Investigating the repercussions of ransomware attacks
The number of ransomware attacks and the frequency of institutions paying those ransomshas increased over the past years. Unfortunately, this hasn’t correlated with those institutions getting their data or systems back. So, should organizations stop paying ransoms?
What is ransomware?
Ransomware is a type of malware that encrypts the victim organization or individual’s data. Hackers will then demand a monetary ransom to prompt the victim into paying to get system access back.
According to the 2021 Verizon Data Breach Investigations Report (DBIR), ransomware accounts for about 10% of the breaches studied. While this might not sound like a high percentage, the sheer number of payments made rose over 300% from 2019 to 2020. Based on the trajectory the number of payments will likely increase similarly in 2021.
The issue is worsened by the availability and popularity of cryptocurrencies, as threat actors have more ways to stay anonymous.
Who is getting attacked, and why?
Research has shown that every sector, from government to health care, is threatened. Threat actors aren’t always after financial payout from the ransomware attack. They might be after data itself, the demise of an organization’s reputation, or have some other nefarious goal.
When any company is attacked, banks are tempted to pay up as soon as negotiations are clear. Colonial Pipeline and JBS Meatpacking are two recent victims of ransomware attacks, and both paid massive ransoms in the billions of dollars.
The pressure to ‘pay up’ is intense, as a compromised system can result in financial loss, negative customer or user impact, and be a major drain on time and internal resources.
The thing about cybercriminals…
When dealing with cybercriminals, you don’t want your money resting on trust, as Mike Wilson notes in his American Banker article. There is no guarantee of any other security assurance either. Hackers could easily leave behind other malware, making it easier for them to attack again in the future.
While government intervention with the digital threat landscape is increasing, there is no quick fix to the thousands of attacks that happen every week. Even if paying off a ransomware attack became illegal, it would be nearly impossible for a governing body to chase down victims or cybercriminals. Banks can’t rely on the government to help them recoup costs.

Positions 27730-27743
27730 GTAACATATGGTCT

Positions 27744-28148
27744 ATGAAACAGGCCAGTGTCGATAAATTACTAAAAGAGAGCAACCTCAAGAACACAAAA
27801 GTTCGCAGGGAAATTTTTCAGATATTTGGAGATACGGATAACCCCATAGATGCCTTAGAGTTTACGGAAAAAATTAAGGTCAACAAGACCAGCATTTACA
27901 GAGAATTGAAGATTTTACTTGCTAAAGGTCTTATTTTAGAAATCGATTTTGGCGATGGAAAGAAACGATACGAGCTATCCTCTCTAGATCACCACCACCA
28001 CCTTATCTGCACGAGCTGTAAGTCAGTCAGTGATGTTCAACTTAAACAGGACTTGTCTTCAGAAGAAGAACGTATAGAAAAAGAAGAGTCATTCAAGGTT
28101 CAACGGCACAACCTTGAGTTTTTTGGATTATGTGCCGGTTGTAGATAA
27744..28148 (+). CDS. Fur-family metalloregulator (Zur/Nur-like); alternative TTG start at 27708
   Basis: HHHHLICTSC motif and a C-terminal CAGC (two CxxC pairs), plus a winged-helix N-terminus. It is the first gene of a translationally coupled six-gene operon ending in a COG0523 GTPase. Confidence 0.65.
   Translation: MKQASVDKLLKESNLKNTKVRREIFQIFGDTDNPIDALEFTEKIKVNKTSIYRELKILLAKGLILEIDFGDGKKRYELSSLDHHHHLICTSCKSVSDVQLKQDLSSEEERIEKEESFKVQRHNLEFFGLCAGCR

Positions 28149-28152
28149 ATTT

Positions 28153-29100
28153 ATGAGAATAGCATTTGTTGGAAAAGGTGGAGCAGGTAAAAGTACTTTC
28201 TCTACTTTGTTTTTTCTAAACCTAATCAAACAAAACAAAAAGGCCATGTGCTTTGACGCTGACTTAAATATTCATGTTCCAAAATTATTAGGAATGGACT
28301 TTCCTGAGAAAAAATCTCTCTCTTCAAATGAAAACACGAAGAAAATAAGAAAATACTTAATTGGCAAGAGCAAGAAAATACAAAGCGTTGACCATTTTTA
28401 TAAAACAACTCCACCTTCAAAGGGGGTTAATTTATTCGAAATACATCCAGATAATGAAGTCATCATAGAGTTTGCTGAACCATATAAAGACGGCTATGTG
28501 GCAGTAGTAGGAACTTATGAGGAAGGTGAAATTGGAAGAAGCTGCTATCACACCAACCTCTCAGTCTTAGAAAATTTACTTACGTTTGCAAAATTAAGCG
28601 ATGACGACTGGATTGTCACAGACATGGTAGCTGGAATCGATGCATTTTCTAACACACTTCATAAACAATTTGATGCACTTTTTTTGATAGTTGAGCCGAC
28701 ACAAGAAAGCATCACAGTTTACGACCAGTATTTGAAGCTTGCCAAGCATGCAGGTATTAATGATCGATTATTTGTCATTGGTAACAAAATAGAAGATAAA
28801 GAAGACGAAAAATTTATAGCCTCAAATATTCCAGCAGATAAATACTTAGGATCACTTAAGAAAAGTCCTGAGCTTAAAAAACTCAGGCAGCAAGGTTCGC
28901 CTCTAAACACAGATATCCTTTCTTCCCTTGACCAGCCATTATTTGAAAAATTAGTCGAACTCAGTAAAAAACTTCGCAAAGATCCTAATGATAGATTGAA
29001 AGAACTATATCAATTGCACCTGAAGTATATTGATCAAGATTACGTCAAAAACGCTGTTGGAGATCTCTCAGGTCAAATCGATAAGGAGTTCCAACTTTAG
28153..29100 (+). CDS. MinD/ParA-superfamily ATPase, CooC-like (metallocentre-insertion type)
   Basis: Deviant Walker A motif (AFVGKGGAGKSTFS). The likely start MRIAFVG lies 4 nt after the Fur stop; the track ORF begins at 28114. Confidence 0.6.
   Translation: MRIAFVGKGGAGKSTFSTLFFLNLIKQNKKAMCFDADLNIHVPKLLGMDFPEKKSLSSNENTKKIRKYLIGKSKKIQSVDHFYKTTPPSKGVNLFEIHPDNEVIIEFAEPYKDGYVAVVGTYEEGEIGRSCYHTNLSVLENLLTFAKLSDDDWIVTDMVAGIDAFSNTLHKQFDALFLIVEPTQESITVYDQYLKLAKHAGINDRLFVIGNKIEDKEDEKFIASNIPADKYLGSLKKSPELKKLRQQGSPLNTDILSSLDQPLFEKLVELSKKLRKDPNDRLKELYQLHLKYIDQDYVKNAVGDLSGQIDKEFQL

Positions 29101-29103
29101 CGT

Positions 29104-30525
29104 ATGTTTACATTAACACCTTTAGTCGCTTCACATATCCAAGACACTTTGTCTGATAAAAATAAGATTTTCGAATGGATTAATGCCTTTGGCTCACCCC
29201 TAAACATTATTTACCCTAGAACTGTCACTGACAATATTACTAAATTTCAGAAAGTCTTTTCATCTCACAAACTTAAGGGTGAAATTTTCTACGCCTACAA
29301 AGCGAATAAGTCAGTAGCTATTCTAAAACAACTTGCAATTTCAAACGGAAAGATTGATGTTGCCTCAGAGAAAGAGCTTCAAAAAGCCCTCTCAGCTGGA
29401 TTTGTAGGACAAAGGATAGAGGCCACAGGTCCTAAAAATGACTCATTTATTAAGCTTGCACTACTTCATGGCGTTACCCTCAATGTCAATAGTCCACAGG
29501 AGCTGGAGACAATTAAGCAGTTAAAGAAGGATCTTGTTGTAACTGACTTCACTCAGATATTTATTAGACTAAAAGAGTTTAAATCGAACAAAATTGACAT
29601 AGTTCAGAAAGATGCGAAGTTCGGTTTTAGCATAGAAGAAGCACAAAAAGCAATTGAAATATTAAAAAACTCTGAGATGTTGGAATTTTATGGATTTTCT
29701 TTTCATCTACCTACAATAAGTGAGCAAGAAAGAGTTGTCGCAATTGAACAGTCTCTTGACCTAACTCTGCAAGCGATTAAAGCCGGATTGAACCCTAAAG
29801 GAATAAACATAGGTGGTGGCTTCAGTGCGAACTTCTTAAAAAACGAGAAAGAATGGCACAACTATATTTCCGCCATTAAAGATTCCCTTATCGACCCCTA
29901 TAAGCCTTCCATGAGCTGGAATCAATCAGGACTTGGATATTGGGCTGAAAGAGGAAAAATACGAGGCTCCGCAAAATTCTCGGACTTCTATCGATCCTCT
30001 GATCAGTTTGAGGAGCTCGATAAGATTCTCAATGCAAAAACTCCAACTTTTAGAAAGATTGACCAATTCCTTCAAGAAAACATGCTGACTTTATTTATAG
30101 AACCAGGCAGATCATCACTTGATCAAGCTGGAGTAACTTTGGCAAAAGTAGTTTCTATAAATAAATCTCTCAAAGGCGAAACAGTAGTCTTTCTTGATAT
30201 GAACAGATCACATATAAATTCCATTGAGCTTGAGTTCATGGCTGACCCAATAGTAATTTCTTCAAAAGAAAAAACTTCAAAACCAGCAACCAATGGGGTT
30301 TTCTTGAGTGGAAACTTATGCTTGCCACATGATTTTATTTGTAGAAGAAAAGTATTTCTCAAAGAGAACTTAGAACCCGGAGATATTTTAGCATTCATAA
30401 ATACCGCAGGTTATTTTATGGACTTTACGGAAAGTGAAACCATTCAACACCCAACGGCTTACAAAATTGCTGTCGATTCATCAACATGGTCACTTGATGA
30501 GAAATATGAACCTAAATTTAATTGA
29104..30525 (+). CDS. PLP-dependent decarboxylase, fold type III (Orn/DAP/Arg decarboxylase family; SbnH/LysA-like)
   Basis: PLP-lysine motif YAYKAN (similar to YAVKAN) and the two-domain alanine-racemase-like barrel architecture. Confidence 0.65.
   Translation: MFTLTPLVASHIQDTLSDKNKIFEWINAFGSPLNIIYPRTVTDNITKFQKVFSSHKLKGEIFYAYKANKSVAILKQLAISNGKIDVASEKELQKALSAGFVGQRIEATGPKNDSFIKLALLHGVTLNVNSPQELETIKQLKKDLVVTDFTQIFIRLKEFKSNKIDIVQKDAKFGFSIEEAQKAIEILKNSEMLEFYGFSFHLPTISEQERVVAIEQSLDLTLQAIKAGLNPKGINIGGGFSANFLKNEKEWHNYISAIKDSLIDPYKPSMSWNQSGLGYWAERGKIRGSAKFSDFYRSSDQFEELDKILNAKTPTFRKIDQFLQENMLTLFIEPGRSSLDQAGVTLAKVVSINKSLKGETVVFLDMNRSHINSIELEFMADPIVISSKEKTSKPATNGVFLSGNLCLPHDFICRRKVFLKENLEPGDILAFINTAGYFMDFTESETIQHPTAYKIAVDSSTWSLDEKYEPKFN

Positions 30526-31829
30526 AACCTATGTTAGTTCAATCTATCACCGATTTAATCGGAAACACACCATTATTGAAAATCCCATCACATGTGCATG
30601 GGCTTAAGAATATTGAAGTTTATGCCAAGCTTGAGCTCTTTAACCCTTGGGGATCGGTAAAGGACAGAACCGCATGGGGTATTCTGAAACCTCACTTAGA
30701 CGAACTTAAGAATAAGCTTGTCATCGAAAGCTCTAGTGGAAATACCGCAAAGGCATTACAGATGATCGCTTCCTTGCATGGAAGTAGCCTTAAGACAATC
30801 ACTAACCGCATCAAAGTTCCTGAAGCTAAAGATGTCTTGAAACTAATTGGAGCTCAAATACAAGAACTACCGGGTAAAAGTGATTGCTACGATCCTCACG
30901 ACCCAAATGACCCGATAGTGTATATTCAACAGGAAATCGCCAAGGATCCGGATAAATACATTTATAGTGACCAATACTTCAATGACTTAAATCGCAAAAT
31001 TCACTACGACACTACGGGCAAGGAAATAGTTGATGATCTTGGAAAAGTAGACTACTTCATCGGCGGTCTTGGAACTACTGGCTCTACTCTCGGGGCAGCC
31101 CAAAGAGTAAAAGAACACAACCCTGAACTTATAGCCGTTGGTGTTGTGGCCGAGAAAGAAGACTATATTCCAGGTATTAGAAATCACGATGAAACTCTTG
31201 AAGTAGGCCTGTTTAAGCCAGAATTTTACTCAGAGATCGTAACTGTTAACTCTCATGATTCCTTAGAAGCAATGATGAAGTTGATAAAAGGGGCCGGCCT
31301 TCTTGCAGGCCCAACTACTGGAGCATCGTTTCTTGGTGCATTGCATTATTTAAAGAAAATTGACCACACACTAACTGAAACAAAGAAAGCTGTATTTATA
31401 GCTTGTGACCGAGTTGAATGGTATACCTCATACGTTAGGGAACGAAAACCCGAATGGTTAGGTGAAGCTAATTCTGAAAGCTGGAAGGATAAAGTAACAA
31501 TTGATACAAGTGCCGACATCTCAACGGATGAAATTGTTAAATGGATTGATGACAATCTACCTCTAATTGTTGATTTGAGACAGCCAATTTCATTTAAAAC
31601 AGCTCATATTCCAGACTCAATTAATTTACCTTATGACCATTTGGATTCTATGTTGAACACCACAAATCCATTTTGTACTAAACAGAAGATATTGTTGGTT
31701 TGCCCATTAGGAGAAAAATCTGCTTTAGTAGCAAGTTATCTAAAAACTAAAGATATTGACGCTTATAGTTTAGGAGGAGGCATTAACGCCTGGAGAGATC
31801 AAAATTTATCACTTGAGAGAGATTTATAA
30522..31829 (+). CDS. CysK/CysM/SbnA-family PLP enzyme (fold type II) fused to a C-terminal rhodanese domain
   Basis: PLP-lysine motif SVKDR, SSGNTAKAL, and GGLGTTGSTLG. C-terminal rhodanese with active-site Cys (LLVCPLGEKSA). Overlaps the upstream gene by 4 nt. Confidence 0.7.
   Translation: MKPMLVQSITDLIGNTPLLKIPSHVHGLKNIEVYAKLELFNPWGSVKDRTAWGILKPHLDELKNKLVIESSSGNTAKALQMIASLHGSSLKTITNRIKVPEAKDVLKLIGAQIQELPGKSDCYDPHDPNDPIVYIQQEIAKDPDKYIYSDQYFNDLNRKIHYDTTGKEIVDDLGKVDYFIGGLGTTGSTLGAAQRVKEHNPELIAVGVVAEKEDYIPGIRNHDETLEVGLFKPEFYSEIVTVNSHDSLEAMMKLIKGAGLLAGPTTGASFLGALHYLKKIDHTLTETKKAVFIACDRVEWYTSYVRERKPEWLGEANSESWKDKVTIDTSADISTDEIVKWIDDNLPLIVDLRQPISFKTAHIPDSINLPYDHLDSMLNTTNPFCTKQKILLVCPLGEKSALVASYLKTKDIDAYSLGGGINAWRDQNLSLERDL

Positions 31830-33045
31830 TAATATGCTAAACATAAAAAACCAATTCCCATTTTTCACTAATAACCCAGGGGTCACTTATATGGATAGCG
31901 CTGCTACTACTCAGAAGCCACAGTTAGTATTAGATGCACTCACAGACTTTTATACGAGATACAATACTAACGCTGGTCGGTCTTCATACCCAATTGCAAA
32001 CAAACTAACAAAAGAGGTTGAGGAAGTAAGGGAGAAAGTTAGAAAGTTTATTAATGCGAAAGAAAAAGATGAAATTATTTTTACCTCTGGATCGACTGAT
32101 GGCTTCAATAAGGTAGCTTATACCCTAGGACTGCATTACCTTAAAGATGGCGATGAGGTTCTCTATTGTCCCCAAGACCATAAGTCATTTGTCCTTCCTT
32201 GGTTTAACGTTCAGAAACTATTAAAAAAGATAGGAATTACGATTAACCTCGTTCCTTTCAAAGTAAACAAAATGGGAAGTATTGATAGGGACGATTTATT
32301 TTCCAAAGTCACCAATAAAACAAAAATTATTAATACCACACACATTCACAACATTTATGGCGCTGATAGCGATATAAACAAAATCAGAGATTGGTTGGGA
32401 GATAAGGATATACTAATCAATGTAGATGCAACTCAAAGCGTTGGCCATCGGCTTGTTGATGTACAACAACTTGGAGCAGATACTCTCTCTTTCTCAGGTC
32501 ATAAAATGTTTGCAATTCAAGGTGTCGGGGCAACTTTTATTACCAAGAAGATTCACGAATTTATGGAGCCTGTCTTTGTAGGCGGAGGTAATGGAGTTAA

Pay up or not?
There is no single solution to what action financial service firms should take if they become victims of a ransomware attack. There are too many factors—immediacy, size of the organization, the urgency of accessing the system—but with that said, one path forward is clear.
Engaging with preventative measures to defend against cyber-attacks is the most solid advice that organizations can take.
We know that compromised credentials are one of the largest attack vectors. People are bad at contemporary password hygiene, especially when considering the issue of password reuse. The chain reaction of weak and reused passwords means that users credentials can be stolen, bought and sold on the dark web, and hacked again.
Therefore, it’s crucial that institutions take compromised credentials seriously and engage with cybersecurity measures that assist them in defense. Companies should consider employing multi-factor authentication (MFA) as well as utilizing a credential screening service.
It’s not realistic to aim for a cultural shift around personal password use, so requiring employees to use both password managers and credential screening on an ongoing basis can be a solid start to a defensive strategy.
Banks and other financial institutions should take notice of the increase in ransomware attacks and build system recovery into their cybersecurity plans. Deterring hackers will be a much more effective strategy than just paying up when an attack inevitably occurs.